Dr. Chuck Higgins recently spoke at the Society of Amateur Radio Astronomers Eastern Conference about the new affordable way in which amateurs can make accurate measurements of Jupiter’s radiation. The RSP1A allows them to monitor sufficient spectrum with the accuracy they need. Check out the video below to find out more:
(The video gives an overview of Radio JOVE 2.0 and includes a short demonstration of the new radio spectrograph using the SDRplay RSP1A receiver with a dipole antenna and the associated Radio-Sky Spectrograph (RSS) software)
JOVE is a US-based public outreach, education, and citizen science project using radio astronomy and a hands-on radio telescope for science inquiry and education. Radio JOVE 2.0 is a new direction using radio spectrographs to provide a path for radio enthusiasts to grow into citizen scientists capable of operating their own radio observatory and providing science-quality data to an archive. Radio JOVE 2.0 uses more capable software defined radios (SDRs) and spectrograph recording software as a low-cost ($350) radio spectrograph that can address more science questions related to heliophysics, planetary and space weather science, and radio wave propagation. Our goals are: (1) Increase participant access and expand an existing radio spectrograph network, (2) Test and develop radio spectrograph hardware and software, (3) Upgrade the science capability of the data archive, and (4) Develop training modules to help people become citizen scientists. We will overview Radio JOVE 2.0 and give a short demonstration of the new radio spectrograph using the SDRplay RSP1A receiver with a dipole antenna and the associated Radio-Sky Spectrograph (RSS) software.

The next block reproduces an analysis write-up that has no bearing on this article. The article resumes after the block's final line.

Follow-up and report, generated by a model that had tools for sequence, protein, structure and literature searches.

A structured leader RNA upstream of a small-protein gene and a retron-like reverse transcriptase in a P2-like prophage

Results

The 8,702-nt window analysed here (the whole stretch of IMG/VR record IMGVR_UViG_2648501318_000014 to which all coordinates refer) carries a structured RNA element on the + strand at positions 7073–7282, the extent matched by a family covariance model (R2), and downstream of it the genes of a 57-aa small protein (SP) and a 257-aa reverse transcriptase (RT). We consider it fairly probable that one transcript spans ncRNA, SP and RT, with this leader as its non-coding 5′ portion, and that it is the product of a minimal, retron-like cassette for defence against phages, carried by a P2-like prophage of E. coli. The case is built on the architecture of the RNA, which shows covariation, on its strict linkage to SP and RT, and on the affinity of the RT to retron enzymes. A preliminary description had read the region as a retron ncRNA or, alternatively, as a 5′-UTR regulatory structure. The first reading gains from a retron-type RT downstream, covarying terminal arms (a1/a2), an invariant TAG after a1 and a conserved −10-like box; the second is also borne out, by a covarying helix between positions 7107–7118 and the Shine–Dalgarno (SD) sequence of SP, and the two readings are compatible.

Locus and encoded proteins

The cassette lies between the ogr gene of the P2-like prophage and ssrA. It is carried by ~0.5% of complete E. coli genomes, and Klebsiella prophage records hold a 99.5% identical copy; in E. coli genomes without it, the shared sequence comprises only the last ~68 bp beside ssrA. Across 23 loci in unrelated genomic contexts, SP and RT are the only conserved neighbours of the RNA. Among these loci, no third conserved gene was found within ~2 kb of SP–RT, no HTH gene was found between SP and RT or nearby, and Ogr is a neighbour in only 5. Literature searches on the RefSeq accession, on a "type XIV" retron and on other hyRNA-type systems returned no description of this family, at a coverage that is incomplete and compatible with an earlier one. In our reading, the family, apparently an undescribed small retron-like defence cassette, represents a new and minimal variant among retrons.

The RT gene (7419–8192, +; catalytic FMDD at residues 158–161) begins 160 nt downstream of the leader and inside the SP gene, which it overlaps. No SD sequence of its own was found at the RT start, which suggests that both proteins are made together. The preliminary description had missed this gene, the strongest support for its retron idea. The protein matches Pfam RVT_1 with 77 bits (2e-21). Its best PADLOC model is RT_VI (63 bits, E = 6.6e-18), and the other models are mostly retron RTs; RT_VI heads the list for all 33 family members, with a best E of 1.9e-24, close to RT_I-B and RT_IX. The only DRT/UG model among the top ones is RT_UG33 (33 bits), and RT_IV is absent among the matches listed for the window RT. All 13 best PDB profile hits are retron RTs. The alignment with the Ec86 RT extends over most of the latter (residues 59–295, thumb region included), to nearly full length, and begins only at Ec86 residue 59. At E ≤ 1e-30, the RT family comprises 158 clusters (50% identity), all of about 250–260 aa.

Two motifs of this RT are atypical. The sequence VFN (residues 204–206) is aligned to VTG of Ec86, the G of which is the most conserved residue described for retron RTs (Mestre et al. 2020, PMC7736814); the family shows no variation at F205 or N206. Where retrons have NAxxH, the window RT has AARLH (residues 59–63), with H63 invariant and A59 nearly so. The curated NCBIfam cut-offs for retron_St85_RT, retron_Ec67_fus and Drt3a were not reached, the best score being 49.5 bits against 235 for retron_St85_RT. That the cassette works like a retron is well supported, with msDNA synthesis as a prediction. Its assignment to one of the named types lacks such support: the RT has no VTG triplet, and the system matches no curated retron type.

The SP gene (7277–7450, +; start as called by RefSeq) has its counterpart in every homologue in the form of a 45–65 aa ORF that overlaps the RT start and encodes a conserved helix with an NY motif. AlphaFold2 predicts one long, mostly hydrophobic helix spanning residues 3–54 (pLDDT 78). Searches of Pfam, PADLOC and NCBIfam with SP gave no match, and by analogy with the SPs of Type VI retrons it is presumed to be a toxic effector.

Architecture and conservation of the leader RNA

For more information about the project, visit: radiojove.gsfc.nasa.gov
For more about SARA, visit: https://www.radio-astronomy.org/